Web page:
Just to add another way of disabling the EAS....
In my case I just wanted to manually level the vehicle occasionally when it needed it. I didn't want it to relevel on the move (and certainly not in the middle of the night), which perhaps differs a little from some drivers.
This was prompted by a failing pressure switch or pump, or an over-enthusiastic ECU wanting to prove its worth. My original solution was to remove the 10A fuse from under the bonnet, this worked admirably well, just re-insert whenever I wanted to level the vehicle - but it's not a particularly elegant solution.
In order to make it easier, and keep it tidy, I decided to use the existing EAS inhibit switch to switch the ECU on or off. This was a neat solution, it had a nice light to show when it was enabled, and of course it properly inhibited operation whenever it was turned off - so there was no loss of function
For anyone that wants to try this it's fairly easy. First remove the seat escutcheon, remove the EAS delay relay complete with socket (it just slips on a tag mount so lift up), remove the relay and locate the black (ground) wire from the relay socket and snip it a couple of inches back, heatshrink the wire leading back to the loom (just to be neat and prevent any possible shorts) and strip the end of the wire coming from the socket. Remove the EAS ECU plug, take the cover off and snip the wire leading to pin 15 a couple of inches back. Heatshrink the wire end going to the plug and pull the other (loom) end back through the harness sufficient so that it can be neatly joined up with the black wire from the delay relay socket.
Strip the end and connect it to the black wire leading to the socket. I soldered mine and slipped some heatshrink over it to make a neat job.
Put the cover back on the EAS ECU plug, re-insert the plug, put the delay relay socket back on it's mount, reinsert the delay relay, put the seat escutcheon back on, cleanup anything else you messed up and you're good to go.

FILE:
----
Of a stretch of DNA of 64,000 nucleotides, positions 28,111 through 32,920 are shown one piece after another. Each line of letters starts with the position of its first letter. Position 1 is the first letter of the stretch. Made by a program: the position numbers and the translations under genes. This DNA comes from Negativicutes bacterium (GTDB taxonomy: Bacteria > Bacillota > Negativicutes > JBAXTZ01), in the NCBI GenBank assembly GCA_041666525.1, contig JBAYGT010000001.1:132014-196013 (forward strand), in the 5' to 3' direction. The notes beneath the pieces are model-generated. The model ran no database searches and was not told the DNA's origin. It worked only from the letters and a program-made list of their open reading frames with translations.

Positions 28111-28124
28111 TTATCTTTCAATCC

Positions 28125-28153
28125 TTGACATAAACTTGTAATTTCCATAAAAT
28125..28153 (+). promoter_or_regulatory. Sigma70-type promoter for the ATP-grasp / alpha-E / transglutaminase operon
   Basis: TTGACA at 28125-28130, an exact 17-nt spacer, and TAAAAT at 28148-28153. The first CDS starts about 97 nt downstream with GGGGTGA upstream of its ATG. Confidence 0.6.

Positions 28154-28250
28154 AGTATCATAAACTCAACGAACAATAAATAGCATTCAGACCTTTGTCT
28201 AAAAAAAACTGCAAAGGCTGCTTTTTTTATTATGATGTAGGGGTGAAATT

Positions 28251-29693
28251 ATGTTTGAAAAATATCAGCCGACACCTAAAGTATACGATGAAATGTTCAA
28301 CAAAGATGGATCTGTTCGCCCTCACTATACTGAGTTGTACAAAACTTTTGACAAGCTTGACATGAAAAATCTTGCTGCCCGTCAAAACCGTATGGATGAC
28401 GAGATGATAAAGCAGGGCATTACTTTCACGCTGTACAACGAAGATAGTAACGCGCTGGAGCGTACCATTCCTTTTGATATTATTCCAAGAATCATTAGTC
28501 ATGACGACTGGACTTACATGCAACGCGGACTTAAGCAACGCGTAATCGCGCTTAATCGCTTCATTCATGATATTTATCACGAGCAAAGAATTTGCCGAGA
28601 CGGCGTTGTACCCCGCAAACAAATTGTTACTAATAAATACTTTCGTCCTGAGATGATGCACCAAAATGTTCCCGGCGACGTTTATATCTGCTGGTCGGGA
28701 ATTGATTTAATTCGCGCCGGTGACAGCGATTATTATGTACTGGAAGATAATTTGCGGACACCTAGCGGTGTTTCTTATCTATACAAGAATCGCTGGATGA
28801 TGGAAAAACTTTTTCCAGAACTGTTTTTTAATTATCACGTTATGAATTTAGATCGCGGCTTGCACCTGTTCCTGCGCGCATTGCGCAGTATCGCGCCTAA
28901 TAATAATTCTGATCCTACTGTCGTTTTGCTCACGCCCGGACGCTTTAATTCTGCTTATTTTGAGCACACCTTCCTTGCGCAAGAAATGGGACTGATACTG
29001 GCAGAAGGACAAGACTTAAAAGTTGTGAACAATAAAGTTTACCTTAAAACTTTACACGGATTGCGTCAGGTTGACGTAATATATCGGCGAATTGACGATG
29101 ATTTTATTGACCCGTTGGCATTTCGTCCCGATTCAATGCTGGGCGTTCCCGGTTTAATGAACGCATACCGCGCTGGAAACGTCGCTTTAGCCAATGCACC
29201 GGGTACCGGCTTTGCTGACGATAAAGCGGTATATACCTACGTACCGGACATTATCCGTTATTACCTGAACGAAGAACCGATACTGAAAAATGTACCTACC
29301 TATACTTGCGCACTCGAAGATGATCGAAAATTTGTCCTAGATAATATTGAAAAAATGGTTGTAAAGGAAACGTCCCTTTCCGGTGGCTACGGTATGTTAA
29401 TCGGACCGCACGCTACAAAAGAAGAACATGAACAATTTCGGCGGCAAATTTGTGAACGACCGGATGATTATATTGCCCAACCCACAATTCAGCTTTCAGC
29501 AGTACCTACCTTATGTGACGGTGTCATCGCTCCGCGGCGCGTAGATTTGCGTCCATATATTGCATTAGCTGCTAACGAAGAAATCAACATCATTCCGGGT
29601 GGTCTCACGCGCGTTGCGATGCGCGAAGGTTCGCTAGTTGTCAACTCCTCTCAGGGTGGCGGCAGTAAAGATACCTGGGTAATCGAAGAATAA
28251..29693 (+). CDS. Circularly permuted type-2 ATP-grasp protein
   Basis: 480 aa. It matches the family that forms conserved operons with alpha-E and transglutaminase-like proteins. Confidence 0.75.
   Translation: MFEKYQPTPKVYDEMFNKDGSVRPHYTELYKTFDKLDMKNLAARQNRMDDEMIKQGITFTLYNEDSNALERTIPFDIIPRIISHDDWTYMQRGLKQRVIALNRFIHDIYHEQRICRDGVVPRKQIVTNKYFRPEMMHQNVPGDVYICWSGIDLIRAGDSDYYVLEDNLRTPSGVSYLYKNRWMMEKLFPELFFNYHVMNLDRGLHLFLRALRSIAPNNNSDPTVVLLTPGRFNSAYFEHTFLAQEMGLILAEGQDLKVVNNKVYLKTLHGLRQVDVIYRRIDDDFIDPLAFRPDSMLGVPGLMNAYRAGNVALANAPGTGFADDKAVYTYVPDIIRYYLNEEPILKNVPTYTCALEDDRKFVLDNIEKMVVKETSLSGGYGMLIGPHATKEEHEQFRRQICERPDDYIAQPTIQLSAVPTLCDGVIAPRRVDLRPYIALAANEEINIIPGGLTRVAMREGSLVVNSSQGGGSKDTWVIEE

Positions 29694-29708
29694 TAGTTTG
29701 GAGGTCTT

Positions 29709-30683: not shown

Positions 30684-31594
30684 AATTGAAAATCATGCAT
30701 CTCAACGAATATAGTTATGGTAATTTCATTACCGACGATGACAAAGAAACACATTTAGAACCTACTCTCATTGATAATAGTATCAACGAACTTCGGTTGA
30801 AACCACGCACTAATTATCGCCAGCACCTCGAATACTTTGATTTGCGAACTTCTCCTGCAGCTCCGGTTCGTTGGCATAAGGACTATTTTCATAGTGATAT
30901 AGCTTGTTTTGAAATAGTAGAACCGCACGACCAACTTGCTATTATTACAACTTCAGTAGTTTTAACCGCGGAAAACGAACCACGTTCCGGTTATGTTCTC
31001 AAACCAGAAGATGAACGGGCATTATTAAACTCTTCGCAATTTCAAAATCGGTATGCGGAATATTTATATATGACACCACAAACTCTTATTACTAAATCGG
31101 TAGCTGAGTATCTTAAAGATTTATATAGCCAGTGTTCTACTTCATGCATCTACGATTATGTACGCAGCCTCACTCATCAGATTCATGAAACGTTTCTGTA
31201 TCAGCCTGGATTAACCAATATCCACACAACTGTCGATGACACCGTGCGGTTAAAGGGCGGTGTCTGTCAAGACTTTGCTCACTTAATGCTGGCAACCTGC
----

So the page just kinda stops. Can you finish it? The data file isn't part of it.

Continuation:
How does this work? The inhibit switch grounds pin 15 of the EAS ECU whenever a driver wishes to inhibit the EAS operation. There is a small light on the switch that will illuminate whenever the switch is in operation. Separately to this, and for the EAS to be powered up, the EAS relay needs to operate - this is done via 12v supplied to one side of the relay coil, the other obviously going to ground. If the ground line is cut the relay can't operate and neither can the EAS. From there if the relay coil ground line is connected to the inhibit switch the EAS will only be powered up if the switch is operated - and conveniently it will light up to let you know that the EAS is in operation 😉
Of course the 'not above xx speed' warning will appear on the LCD instantly if you power off the EAS ECU, but there's a way to deal with this too, if you want. Before putting the EAS ECU plug cover back on you can connect a line from pin 1 to 25, and pin 18 to 7. I should add that I've not done this on my machine yet, the warning message doesn't particularly bother me, but I believe this should work.
Finally, during the course of this, I've decided that if my EAS ECU should ever fail I'd replace it with an Arduino and some opto's or relays. Total cost probably in the region of a tenner + time to knock some code into shape. The beauty of this of course is that one would have full control and be able to do all sorts of things - including weighing the machine (I think), but that's another story!